Representations of environmental crisis, or crisis in the representation of the environment? A paradigm shift at the turn of our century.

Université de Savoie Mont-Blanc


American transcendentalists Thoreau and Emerson are traditionally considered as the forefathers of nature writing. Authors – of fiction and other literary forms – have kept on writing about nature, whose definition is a lasting problem, going from pure otherness with the concept of wilderness[1] to an approach that is exclusively cultural with the concept of the anthropocene. This term appeared recently to designate a new geological era conditioned by human activities. Some researchers use the term « capitalocene » as a reaction to what they consider an essentialist and a-historical concept – « capitalocene » also being debatable[2].

What elements led to these paradigm changes ? And is there really a change, or do we keep – at least in Western cultures – thinking within the framework of the nature/culture opposition, and believing in our transformative omnipotence ? This belief is still visible today, for example in the hope we place in geo-engineering to fight against global warming[3]. Our hypothesis is that environmental crises lead to changes in cultural representations of what we call the environment, and our relation to it. These representations condition our mode of being in the environment, thus affecting it. We will also have to reflect upon the very idea of a « crisis », which can signify either a temporary state or a radical transformation[4]. The questions of the function of art in the face of these crises, but also of the frontier between art and science, art and non-art, fiction and reality, are to be asked.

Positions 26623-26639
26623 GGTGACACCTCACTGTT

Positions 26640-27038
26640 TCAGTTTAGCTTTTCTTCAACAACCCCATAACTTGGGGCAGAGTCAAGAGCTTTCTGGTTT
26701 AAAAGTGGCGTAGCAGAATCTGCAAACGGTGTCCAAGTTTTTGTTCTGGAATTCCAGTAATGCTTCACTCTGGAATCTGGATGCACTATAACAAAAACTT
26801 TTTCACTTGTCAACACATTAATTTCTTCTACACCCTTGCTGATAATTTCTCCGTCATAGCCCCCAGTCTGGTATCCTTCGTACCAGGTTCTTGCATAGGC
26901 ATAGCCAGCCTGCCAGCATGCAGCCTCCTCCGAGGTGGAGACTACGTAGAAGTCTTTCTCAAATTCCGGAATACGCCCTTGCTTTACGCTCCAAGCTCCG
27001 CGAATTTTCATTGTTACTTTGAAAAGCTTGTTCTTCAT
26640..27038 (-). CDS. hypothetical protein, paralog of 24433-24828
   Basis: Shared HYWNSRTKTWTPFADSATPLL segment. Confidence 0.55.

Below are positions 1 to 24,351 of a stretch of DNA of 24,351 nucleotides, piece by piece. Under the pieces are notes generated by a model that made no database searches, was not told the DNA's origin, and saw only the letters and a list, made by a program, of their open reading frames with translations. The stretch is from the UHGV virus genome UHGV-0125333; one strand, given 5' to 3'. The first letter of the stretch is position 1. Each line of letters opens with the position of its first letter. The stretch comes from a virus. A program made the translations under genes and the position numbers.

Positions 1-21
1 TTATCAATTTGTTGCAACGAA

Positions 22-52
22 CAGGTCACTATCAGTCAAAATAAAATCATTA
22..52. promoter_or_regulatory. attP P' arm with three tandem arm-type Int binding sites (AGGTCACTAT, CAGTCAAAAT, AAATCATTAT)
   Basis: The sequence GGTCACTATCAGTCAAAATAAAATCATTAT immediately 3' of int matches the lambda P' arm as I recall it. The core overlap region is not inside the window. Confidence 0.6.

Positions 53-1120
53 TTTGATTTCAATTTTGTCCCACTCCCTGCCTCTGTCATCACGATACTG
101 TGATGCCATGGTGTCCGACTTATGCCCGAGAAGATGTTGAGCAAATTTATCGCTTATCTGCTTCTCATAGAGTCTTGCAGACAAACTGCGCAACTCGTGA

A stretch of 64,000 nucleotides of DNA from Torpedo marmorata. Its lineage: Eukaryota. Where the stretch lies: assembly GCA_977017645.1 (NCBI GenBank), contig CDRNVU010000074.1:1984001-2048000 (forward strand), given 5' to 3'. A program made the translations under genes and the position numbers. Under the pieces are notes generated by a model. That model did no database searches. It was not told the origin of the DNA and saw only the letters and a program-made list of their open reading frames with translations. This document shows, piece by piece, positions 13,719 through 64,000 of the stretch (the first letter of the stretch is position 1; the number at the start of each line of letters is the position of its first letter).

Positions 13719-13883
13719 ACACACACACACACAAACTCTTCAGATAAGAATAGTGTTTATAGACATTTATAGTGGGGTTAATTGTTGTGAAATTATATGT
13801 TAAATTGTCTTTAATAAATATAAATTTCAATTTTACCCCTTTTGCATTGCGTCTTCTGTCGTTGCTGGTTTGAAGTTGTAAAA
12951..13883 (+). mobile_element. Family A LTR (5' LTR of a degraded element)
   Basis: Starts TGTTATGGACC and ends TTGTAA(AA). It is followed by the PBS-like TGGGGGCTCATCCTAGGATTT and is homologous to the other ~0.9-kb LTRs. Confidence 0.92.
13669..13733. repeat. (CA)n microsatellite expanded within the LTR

We hope colleagues working in a diversity of fields in the humanities such as history, cultural studies, literature (ecocriticism), and philosophy, will send article proposals to contribute in a pluridisciplinary book, inscribed in the environmental humanities. We would like to explore the following paradox : in this early 21st Century, in spite of the persistence of topoi expressing a dichotomous relation between man and nature, our modes of representation are undergoing a crisis. The need to rethink man’s inscription in the environment is urgent, because concrete solutions that may be put into place collectively to prevent future collapses depend upon the evolution of these representations.


Submission deadline: June, 5, 2019.

Direct all inquiries and proposals to

Articles should be no more than 10 000 words (including footnotes)  and must comply with the presentation standards at PUSMB.



[1]Edward Abbey, Desert Solitaire: a Season in the Wilderness, New York: Ballantine Books, 1968.

[2]Armel Campagne,  Le Capitalocène, aux racines historiques du dérèglement climatique, Editions Divergences, 2017.

[3]Clive Hamilton,  Les Apprentis sorciers du climat : raisons et déraisons de la géo-ingénierie [« Earthmasters: Playing God with the climate »], Seuil, coll. « Anthropocène », 2013.

[4]Michel Serres, Le Temps des crises, Le Pommier, 2009.

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